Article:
“It depends on how much you open your mouth, quite frankly.” Ironhoof sighed and leaned back. “Red... I don't like what I'm hearing...”
“Don't tell me you haven't thought of it...”
“My great-great-great-grandfather one tried leaving the village. He nearly died from malaria in the southern swamps where he set up a new home. I've always thought about that story that's been hoofed down to me. Moving out of Windthrow is just too troublesome, Red. I've got a household—a family to take care of. You know I can't be thinking all about my own well-being, and neither can you!”
“My mom and siblings are sick and tired of every other night turning into a battle!” Red Turnip uttered hoarsely. He frowned as he continued, “I'd rather brave malaria than these dang creatures again and again and again. I know it must be tough setting up a new place, but have you ever thought of what's keeping us here? I mean... what's really keeping us?”
“I try not to...”
“It helps to have an open mind, Ironhoof, even if it's an empty one.”
“Open your own brain and let's see what spills out,” Ironhoof said with an angry grunt. After a few seconds, he inhaled deeply and muttered, “But Hushtail hasn't been all too reasonable lately. If he could at least... I dunno... give us an assessment of how terribly this village has actually fallen, I might at least be able to make a better career choice. If all of Fulltrot's expeditions are failing to put an end to the creatures, then maybe I should be going back to the mines. Heck, I should bring my wife down there with me. It's probaly safer there than on the surface.”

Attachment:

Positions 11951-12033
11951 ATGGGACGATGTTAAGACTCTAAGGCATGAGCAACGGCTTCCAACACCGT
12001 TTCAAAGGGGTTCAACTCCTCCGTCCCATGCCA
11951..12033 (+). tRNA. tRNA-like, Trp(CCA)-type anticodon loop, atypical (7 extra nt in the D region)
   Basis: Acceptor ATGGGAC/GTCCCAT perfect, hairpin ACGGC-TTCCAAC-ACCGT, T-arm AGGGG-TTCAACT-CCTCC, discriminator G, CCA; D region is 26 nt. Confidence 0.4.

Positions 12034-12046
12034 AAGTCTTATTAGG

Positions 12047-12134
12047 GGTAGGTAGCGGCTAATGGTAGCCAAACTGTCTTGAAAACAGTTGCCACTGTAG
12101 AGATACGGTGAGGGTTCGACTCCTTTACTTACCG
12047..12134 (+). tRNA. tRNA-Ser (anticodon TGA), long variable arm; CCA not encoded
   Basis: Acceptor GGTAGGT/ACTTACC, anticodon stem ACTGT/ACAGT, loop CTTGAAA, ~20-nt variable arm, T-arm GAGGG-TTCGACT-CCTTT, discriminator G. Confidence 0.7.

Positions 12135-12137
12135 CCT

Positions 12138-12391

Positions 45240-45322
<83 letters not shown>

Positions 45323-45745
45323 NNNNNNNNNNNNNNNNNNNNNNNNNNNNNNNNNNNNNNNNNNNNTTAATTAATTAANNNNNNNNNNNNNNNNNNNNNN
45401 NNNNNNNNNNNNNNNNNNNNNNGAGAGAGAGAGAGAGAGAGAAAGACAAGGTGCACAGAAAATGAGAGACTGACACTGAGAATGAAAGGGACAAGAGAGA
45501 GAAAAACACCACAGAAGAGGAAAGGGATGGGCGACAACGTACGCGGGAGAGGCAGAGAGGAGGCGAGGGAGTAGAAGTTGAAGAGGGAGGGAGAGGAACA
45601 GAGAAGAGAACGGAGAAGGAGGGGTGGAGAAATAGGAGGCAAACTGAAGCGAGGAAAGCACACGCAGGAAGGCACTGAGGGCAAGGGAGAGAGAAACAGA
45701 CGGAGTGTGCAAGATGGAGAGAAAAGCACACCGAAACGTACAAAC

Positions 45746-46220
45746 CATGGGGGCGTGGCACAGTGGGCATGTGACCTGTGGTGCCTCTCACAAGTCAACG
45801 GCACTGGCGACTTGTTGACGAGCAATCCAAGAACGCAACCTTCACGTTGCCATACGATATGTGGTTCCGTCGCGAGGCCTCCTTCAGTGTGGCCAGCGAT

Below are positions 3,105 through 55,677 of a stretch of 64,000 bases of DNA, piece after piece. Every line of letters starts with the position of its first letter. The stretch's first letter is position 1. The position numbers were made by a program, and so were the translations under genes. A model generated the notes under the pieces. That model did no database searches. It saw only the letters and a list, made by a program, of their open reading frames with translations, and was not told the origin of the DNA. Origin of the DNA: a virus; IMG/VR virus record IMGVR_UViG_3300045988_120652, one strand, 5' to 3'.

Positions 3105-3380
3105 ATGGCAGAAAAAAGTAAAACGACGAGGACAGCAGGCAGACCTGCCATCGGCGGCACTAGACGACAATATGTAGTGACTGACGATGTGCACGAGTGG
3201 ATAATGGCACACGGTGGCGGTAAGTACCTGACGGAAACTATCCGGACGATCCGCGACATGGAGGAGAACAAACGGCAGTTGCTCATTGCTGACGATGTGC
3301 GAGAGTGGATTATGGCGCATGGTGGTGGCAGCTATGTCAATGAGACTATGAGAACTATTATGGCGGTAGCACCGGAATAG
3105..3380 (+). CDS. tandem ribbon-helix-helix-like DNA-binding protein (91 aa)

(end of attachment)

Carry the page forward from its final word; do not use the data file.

“All I know is that something's gotta change,” Red Turnip said, and his expression was a painful one. “Because I really don't know what I'll do if one of my little brothers or sisters bites the dust. This town has cost enough as it is. I'm almost afraid to imagine what it could claim from us in the future.”
“Well, it's nice to see that Sladesteed isn't completely full of it, at least,” said the voice of Rainbow Dash.
Both stallions bolted in their seats. They turned to see the blue pegasus marching up and removing a hard hat from her skull.
“Hey. Where's... uhm... Gold Plate?”
“What, you hungry?” Red Turnip remarked, then chuckled. “Oh, that's right! You don't meat. Heheheh!”
“Go toss yourself off the side, Red,” Ironhoof grumbled. He gazed up at Rainbow Dash. “The little squirt's off doing goddess-knows-what in the town market. Why? Something the matter?”
“I'm beginning to think that asking that sort of question in this town is kind of beating a dead... well... you know...” Rainbow Dash trotted past them. “Sniff you two marsupials later.”
“Pffft...” Red Turnip rolled his eyes once she was gone. “Friggin' pegasi. I swear, they think with their feathers.”
“She heard that,” Ironhoof muttered.
“No she didn't.”
“I heard that!” Rainbow Dash called from beyond.
“No you didn't!” Red Turnip barked.
Ironhoof smirked for the first time that day.